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# Meteorologists say that if only they could design an

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Meteorologists say that if only they could design an [#permalink]

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26 Mar 2004, 15:19
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Meteorologists say that if only they could design an accurate mathematical model of the atmosphere with all its complexities, they could forecast the weather with real precision. But this is an idle boast, immune to any evaluation, for any inadequate weather forecast would obviously be blamed on imperfections in the model.

Which of the following, if true, could best be used as a basis for arguing against the author┬б┬пs position that the meteorologists┬б┬п claim cannot be evaluated?

A. Certain unusual configurations of data can serve as the basis for precise weather forecasts even though the exact causal mechanisms are not understood.
B. Most significant gains in the accuracy of the relevant mathematical model are accompanied by clear gains in the precision of weather forecasts.
C. Mathematical models of the meteorological aftermath of such catastrophic events as volcanic eruptions are beginning to be constructed.
D. Modern weather forecast for as much as a full day ahead are broadly correct about 80 percent of the time.
E. Meteorologists readily concede that the accurate mathematical model they are talking about is not now in their power to construct.
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26 Mar 2004, 16:22
B is the best choice. B gives proof that it is actually possible to develop a mathematical model that is accurate.

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26 Mar 2004, 21:16
I'd go with B on this one.

A is out for me, just on the grounds that it does not provide any concrete "evidence" that the mathematical model will help to evaluate weather forecasts.

C. Studying volcanick eruptions is not helpful in this case, it wouldve been helpful, only in case such models were used at the present time. Thus, no suggestion of weather the models are accurate, as far as we know they could turn out INACCURATE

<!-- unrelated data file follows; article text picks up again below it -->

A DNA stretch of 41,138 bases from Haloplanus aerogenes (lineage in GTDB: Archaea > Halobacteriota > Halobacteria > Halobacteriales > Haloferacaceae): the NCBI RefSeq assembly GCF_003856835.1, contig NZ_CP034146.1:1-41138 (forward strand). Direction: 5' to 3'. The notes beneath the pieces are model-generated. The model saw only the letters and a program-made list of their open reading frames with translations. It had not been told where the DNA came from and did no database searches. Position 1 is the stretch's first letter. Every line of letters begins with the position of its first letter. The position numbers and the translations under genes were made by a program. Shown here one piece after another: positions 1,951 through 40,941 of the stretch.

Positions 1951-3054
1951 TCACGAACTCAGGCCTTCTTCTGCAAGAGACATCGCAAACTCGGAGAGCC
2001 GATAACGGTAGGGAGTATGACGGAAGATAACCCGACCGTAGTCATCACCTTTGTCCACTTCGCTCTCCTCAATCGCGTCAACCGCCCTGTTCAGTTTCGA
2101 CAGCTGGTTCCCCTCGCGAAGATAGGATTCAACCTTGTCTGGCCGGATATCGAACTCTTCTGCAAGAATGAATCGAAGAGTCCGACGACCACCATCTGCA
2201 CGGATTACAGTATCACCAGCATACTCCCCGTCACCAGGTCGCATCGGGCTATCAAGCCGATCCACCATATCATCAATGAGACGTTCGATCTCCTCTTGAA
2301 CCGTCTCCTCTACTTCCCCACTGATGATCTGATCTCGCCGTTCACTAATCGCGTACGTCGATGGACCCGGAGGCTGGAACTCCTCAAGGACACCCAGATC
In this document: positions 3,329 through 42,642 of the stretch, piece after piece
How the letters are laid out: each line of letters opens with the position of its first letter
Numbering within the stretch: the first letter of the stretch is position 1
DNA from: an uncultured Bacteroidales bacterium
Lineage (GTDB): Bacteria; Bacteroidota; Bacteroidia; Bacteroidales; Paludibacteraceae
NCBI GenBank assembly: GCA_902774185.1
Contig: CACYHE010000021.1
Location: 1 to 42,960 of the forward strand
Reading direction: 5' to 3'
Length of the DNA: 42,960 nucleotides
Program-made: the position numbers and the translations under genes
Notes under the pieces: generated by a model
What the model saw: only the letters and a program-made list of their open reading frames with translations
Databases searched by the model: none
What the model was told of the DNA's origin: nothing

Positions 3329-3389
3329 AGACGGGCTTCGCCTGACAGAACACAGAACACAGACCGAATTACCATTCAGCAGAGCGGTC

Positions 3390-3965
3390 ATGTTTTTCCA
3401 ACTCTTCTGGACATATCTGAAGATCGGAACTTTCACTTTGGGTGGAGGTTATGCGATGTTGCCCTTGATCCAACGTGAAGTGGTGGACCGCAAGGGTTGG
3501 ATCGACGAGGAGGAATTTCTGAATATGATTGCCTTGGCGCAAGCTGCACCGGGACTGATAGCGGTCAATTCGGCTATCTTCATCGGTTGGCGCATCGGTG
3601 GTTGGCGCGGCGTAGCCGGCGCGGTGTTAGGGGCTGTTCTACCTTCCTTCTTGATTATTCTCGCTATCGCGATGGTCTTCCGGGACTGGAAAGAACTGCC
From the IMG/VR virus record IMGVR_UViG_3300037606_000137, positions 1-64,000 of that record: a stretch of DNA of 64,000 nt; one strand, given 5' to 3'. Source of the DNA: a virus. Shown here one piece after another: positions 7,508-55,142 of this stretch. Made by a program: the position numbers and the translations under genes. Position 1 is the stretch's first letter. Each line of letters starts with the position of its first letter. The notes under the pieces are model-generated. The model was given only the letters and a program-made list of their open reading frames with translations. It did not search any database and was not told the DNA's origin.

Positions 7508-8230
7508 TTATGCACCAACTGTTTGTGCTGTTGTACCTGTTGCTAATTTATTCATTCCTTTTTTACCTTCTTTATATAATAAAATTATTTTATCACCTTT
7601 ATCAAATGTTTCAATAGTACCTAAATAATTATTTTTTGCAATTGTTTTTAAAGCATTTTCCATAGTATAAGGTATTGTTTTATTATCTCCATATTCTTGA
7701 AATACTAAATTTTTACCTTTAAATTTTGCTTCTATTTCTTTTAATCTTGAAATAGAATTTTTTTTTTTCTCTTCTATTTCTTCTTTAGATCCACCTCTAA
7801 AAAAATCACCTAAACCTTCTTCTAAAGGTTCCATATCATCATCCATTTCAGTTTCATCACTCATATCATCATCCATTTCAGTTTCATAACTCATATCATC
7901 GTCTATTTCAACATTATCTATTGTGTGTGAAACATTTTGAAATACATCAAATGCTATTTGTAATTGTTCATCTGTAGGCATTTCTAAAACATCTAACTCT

D seemed tempting at first, but it in fact supports the authors statement. If we consider 80% accuracy acceptable, any deviation to the left will be blamed on the mathematical model. Bottom line....I dont see anything in this answer.

E is directly opposite to what we need to prove. Meteorologist conceding now, only adds value to authors statement.

And so, I am left with B
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GMAT Club Legend
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26 Mar 2004, 22:04
lvb9th wrote:
I'd go with B on this one.

A is out for me, just on the grounds that it does not provide any concrete "evidence" that the mathematical model will help to evaluate weather forecasts.

C. Studying volcanick eruptions is not helpful in this case, it wouldve been helpful, only in case such models were used at the present time. Thus, no suggestion of weather the models are accurate, as far as we know they could turn out INACCURATE

D seemed tempting at first, but it in fact supports the authors statement. If we consider 80% accuracy acceptable, any deviation to the left will be blamed on the mathematical model. Bottom line....I dont see anything in this answer.

E is directly opposite to what we need to prove. Meteorologist conceding now, only adds value to authors statement.

And so, I am left with B

OA is B. Very good analysis
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Paul

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26 Mar 2004, 22:04
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# Meteorologists say that if only they could design an

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